But most people thought that meant filling two holes in the outfield and a spot at first base, not to mention bolstering the pitching staff.
Snagging a third catcher? Well, that’s nice, but it’s hardly shock and awe.
The Red Sox’ reported deal with backup catcher David Ross, though, may be just the thing to get Boston’s free agent season started. With Ross in the fold, the Red Sox may be able to start tumbling dominoes to take care of the positions that really need help, whether it be through free agency or — more likely with the Ross signing — the trade market.
With three catchers on the roster, the Red Sox now have choices to make behind the plate.
Ryan Lavarnway has been groomed as the catcher of the future, but he wasn’t stellar in his 46 games in the big leagues last year, compiling just a .157 average on 24 hits. While Lavarnway was understandably tired from a long season in the minors and what was really his first full year of catching, the question of whether he’s the long-term solution at a position that is vital to the Red Sox’ success is one that needs to be answered soon. Lavarnway can have time for his offense to catch up, but he’ll need to show early this season that he can handle the pitching staff and defensive parts of the game to the point that he’s worth keeping around for a while.
That’s where Ross comes in. Although he’s been a backup for the Braves for the past four years, playing 227 games, what he provides to teams is worth far more than his .269 batting average, ability to snag runners and aptitude behind the plate. Ross is considered above average in knowing how to handle not only counts and situations but also pitching staffs, and he’ll be a huge upgrade to a team that needs its signal callers to be right on par with a regrouping pitching crew.
Furthermore, Ross is known as a great clubhouse guy, which speaks to the team’s effort to remake the guts and leadership of the team as well as its production and win-loss record. With Ross providing a presence that the whole team can look to, the pitchers can lean on and a young Lavarnway can learn from, the Red Sox may have just set up an excellent couple of years for figuring out what they want to do with their catching position.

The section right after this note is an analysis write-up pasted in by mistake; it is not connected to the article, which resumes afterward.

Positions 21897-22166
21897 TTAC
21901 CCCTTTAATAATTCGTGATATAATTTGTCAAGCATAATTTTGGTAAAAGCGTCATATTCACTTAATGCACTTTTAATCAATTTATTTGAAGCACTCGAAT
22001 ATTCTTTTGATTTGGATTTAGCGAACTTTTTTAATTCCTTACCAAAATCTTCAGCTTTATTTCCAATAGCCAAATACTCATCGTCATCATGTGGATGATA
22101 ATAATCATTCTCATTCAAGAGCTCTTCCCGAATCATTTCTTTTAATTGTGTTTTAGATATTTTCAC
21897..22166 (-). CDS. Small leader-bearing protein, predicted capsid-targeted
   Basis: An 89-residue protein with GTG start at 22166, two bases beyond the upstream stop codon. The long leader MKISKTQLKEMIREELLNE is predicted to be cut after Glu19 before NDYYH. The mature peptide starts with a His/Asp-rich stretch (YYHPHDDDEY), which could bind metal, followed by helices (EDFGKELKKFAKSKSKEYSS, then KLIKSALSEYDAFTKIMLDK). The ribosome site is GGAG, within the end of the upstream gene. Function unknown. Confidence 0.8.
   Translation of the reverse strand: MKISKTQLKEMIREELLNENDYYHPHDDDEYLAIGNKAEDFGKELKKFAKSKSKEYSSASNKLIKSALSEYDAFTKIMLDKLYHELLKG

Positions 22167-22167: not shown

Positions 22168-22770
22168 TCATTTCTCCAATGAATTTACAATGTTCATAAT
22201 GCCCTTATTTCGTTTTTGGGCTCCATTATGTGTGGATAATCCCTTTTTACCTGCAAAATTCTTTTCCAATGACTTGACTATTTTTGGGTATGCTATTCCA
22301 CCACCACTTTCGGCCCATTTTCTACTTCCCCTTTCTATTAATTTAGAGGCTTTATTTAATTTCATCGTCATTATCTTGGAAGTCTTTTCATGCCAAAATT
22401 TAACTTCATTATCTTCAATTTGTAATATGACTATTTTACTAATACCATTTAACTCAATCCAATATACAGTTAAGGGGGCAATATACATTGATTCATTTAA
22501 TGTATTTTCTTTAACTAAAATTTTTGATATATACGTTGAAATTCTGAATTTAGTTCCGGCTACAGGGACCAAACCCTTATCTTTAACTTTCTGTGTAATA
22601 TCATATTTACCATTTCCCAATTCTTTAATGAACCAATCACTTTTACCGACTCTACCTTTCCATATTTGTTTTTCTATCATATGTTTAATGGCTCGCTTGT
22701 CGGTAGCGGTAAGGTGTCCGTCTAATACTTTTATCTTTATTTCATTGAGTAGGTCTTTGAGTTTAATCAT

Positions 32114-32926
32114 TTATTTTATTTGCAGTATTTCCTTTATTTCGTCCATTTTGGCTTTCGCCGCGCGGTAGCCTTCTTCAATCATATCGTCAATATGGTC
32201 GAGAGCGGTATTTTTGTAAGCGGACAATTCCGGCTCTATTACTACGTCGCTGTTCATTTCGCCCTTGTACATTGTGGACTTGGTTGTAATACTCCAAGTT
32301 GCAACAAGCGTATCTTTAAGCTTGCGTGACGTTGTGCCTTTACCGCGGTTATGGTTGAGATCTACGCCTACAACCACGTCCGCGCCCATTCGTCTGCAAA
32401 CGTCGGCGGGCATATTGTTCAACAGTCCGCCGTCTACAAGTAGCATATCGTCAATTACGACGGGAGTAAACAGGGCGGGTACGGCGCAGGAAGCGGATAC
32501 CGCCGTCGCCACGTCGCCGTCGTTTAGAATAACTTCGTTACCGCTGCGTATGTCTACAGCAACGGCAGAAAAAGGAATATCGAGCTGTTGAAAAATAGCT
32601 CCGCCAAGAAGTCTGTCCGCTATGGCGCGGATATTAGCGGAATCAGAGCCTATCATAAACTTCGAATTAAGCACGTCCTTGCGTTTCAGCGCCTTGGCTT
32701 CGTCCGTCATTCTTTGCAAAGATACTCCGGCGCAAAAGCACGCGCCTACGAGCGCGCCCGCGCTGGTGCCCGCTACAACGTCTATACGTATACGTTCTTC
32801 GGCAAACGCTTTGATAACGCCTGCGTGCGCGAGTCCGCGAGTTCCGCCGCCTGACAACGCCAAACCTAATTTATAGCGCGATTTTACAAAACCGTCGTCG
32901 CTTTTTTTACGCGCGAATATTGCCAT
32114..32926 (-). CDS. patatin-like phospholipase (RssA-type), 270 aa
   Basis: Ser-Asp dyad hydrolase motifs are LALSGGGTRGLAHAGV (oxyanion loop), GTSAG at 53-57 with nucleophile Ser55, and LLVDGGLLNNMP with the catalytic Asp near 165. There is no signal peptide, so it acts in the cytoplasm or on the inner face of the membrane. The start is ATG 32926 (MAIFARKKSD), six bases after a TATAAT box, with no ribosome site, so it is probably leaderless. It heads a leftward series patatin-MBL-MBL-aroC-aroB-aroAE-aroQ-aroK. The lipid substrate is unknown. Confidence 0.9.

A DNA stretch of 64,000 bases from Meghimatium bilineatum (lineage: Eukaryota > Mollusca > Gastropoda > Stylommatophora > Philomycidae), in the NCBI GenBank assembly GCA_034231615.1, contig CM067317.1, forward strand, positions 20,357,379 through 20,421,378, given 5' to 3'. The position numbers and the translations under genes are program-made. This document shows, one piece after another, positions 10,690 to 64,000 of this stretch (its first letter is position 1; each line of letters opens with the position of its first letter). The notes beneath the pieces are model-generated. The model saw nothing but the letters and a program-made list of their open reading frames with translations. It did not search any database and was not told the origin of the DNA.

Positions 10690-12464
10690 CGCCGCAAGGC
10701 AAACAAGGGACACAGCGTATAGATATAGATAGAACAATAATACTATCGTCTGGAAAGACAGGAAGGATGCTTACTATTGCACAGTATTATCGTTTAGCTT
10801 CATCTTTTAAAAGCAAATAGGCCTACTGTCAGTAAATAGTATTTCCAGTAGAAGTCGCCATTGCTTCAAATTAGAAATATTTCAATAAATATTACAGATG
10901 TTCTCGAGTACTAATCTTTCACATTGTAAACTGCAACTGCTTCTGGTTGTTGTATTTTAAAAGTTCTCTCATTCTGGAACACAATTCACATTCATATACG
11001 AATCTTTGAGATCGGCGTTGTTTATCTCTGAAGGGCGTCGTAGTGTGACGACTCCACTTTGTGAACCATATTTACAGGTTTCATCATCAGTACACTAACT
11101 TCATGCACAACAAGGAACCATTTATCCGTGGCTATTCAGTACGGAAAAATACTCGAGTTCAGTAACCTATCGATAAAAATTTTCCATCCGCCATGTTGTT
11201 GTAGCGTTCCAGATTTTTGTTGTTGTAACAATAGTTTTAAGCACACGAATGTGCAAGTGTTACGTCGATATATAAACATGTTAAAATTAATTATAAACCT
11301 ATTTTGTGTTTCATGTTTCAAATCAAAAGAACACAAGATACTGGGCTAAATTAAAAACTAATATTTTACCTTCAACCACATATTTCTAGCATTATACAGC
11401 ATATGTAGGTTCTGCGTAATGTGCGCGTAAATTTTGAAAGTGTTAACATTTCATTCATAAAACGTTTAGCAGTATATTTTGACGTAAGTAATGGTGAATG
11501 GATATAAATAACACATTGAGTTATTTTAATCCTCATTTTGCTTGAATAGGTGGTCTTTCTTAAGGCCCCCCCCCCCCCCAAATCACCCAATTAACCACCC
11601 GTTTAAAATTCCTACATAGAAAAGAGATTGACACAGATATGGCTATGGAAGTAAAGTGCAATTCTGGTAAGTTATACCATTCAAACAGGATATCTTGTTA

The outlier in this, of course, would be Jarrod Saltalamacchia. A veteran in his own right who has done considerable work in getting the Red Sox’ staff and Lavarnway on course, Saltalamacchia now appears to be the odd man out. What can the Red Sox really do with three catchers?
The simple answer seems to be that Saltalamacchia, who is arbitration eligible, may be trade bait. (The same, however, could be said for Lavarnway, although indicators seem to point more toward him staying around due to his long-term grooming by the team.)
The Red Sox may be looking to trade Saltalamacchia, which would make a lot of sense in a year that doesn’t have much on the free agent market. A good catcher is hard to find, and Boston could spin Saltalamacchia in a package that could yield a pitcher or help bring in an elite outfielder.
But don’t count out Saltalamacchia just yet. While he had his struggles on offense last year, slumping to a .222 average and just eight home runs after the break (he had 25 all year), bringing in Ross, who is strong from the right-handed side of the batter’s box, could mean that Saltalamacchia and Ross could be tag-teaming when it comes to bringing along Lavarnway and providing a little extra offense. Saltalamacchia was horrid against lefties last year, batting just .170 with one home run, but he was comparably great against right-handers, hitting .230 with 24 of his home runs. While Saltalamacchia has said he doesn’t want to be working from the bench, he could back up a deep Boston lineup if the team chooses to keep all three catchers.
The final note to take out of the Ross deal is what it means for the Red Sox’ moves across the board. While the team has re-signed David Ortiz and expressed interest in keeping other players, like right fielder Cody Ross, everything else has been speculation. Moving on David Ross could be what gets the wheels going — although it could also mean closing the door on some decent pickups, such as first baseman/catcher combo Mike Napoli, who won’t get to use much of his experience at catcher if he is brought in.
The Red Sox are moving, though. No fireworks, no Josh Hamilton, no monster trades — but just enough that the dominoes could start falling soon.
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